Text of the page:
Since a site will be severely limited by enabling this, I'm not sure how popular it would be. I suppose you could do this if you have a dynamic site and can move a lot of the functionality to the server side using PHP or a similar technology. We could do it, but a what cost?
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Re: Content Security Policy

Post by Albert Wiersch » Mon Aug 19, 2013 7:50 pm

I haven't looked much into this yet, but It does sound like it will greatly reduce functionality... but I can see how some "high-security" sites (like financial sites) would want to forfeit the functionality for more security.

As for CSE HTML Validator, I'm thinking that it could help warn users when features are used that won't work due to the security, not just check the syntax of the header. :D
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Re: Content Security Policy

Post by Lou » Tue Aug 20, 2013 6:07 am

That sounds like a helpful approach Albert.
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Re: Content Security Policy

Post by MikeGale » Tue Aug 20, 2013 9:40 pm

Haven't formed an opinion of this yet.

Time will tell what the uptake is...

I think checking for this sort of thing would be really useful to have.

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Re: Content Security Policy

Post by Albert Wiersch » Thu Sep 19, 2013 7:37 pm

Is anyone here besides RSteinwand making use of Content Security Policy?

And if you are using it, what parts of it are you using? I am considering looking into adding at least some support for this... if there is some demand for it and it's not too time consuming to implement.
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Re: Content Security Policy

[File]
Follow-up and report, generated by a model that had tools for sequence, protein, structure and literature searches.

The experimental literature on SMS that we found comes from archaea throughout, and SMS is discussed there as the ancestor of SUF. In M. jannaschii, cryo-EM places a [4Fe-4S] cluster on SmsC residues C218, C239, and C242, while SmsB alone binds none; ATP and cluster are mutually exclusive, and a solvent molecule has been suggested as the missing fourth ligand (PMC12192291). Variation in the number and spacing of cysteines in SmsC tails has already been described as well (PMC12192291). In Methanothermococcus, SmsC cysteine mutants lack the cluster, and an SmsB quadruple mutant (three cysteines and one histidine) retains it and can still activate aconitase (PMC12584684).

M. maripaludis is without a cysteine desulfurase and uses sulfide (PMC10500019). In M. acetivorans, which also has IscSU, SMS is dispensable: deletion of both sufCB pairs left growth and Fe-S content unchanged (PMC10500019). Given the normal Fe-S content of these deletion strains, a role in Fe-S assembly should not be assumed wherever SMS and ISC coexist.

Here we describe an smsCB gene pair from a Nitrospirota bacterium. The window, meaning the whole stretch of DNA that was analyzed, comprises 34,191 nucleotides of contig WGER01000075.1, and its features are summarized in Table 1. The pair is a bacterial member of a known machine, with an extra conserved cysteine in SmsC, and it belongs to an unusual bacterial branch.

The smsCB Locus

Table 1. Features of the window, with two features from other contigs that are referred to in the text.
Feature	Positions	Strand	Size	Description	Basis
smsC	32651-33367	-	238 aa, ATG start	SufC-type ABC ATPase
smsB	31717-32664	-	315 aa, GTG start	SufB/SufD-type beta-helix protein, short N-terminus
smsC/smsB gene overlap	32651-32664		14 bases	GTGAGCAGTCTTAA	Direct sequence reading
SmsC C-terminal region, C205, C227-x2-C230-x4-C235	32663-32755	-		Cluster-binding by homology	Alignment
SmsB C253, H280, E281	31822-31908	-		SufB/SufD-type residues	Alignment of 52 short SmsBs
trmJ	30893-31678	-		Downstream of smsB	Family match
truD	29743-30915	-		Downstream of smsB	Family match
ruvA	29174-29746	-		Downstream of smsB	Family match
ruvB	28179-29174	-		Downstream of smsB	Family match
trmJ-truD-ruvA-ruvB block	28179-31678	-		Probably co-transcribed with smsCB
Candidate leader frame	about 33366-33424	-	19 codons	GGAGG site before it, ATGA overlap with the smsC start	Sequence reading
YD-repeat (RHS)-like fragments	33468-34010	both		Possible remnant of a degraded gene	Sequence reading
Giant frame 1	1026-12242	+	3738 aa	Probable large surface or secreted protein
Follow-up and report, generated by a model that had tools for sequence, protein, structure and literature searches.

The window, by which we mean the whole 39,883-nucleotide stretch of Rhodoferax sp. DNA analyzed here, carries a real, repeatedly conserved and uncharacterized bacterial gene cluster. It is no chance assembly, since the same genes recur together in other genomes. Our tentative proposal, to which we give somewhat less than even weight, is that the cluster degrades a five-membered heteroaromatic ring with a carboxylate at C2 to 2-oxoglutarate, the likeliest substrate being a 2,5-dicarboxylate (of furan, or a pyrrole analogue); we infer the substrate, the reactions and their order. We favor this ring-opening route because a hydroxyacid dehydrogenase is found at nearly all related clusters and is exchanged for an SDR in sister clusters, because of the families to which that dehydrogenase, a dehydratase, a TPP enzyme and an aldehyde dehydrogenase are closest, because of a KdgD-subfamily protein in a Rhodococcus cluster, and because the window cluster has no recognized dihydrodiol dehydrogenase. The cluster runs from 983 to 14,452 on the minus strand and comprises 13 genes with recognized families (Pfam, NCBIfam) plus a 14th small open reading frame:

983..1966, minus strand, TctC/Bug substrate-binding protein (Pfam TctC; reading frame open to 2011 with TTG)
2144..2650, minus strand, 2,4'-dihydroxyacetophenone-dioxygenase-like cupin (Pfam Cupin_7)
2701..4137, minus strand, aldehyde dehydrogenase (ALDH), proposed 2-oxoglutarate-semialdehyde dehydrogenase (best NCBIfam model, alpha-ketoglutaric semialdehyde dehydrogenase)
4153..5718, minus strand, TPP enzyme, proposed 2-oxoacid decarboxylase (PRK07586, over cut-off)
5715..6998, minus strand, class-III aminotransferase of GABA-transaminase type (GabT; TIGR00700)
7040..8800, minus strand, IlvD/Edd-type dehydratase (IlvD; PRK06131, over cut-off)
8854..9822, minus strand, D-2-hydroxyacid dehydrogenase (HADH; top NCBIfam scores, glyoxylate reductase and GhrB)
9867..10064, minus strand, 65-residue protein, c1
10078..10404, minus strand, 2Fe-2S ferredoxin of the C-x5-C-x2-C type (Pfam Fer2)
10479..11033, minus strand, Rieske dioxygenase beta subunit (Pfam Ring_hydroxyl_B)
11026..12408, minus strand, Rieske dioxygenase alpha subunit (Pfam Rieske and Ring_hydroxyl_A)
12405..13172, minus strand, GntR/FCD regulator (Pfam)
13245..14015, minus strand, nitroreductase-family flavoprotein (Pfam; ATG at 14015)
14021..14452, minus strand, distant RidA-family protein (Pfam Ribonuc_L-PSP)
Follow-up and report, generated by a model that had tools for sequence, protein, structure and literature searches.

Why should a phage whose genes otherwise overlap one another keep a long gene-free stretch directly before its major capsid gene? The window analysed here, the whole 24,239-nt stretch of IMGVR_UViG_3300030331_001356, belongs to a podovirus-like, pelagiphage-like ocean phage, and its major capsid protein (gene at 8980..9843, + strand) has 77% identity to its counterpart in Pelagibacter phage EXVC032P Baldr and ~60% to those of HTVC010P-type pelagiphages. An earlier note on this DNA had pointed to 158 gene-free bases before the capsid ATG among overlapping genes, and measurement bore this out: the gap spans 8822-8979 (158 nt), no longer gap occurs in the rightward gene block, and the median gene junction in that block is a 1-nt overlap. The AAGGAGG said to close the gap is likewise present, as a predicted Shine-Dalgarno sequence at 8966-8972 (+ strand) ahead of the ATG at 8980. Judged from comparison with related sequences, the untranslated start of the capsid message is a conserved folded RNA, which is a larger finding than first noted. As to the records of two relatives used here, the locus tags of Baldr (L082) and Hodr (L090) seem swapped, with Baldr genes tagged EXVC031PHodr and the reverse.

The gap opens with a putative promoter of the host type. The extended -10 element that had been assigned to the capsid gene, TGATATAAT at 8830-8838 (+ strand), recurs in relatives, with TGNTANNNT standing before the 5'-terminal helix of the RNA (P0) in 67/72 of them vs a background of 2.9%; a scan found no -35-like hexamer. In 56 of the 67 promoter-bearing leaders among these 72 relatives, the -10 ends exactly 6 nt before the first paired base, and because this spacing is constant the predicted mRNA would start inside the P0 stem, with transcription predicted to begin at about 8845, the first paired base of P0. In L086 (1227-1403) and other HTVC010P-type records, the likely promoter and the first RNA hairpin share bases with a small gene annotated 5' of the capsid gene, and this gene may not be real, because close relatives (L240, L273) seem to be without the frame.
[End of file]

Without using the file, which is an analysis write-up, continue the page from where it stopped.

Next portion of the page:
Post by RSteinwand » Thu Sep 19, 2013 8:10 pm

I'm still just eliminating most of my inline styles. I doubt I'll ever be able to do the scripts. Every page of mine has scripts on bottom of the page of some sort. Finally got rid of 99% of my doc.writes. :D Just one nasty page left that's full of them.
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Re: Content Security Policy

Post by ryanjoness » Thu Nov 28, 2013 2:21 am

I’m pretty sure that will show up in one of our audits before long, since it’s already live in FF and Chrome.

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Re: Content Security Policy

Post by Albert Wiersch » Wed Dec 30, 2015 5:16 pm

Hi Rick and others,

How has your experience been with CSP and are you still using it?

I've added improved support for it in an upcoming update of CSE HTML Validator. That is, it will perform some checks on a serialized CSP policy when sent via HTTP header or in a meta tag.

I'm thinking about possibly further enhancing the support for CSP to generate error or warning messages if inline and embedded styles or scripts have been used when they have been disallowed by a CSP policy. If you have any thoughts on this then please respond here. Thanks!
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Re: Content Security Policy

Post by RSteinwand » Wed Dec 30, 2015 8:36 pm

Hi Albert,

So far no mention of it in audits. Meanwhile on the public side, I'm inlining critical css at the top of every page and postloading an external css at the bottom. If anything I've moved away from the recommendation. But there's a big difference between the public and secure side.
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Re: Content Security Policy

Post by Albert Wiersch » Wed Dec 30, 2015 10:48 pm

Hi Rick,

Thanks for the info! However, it wasn't clear to me if you use CSP at all (even just a little) or if you've completely moved away from it and don't use it at all? I pulled up your business website and didn't see it used at all.

It doesn't look like CSP is used that much but I haven't looked into its usage that deeply yet. However, it seems that the most popular browsers do have support for it.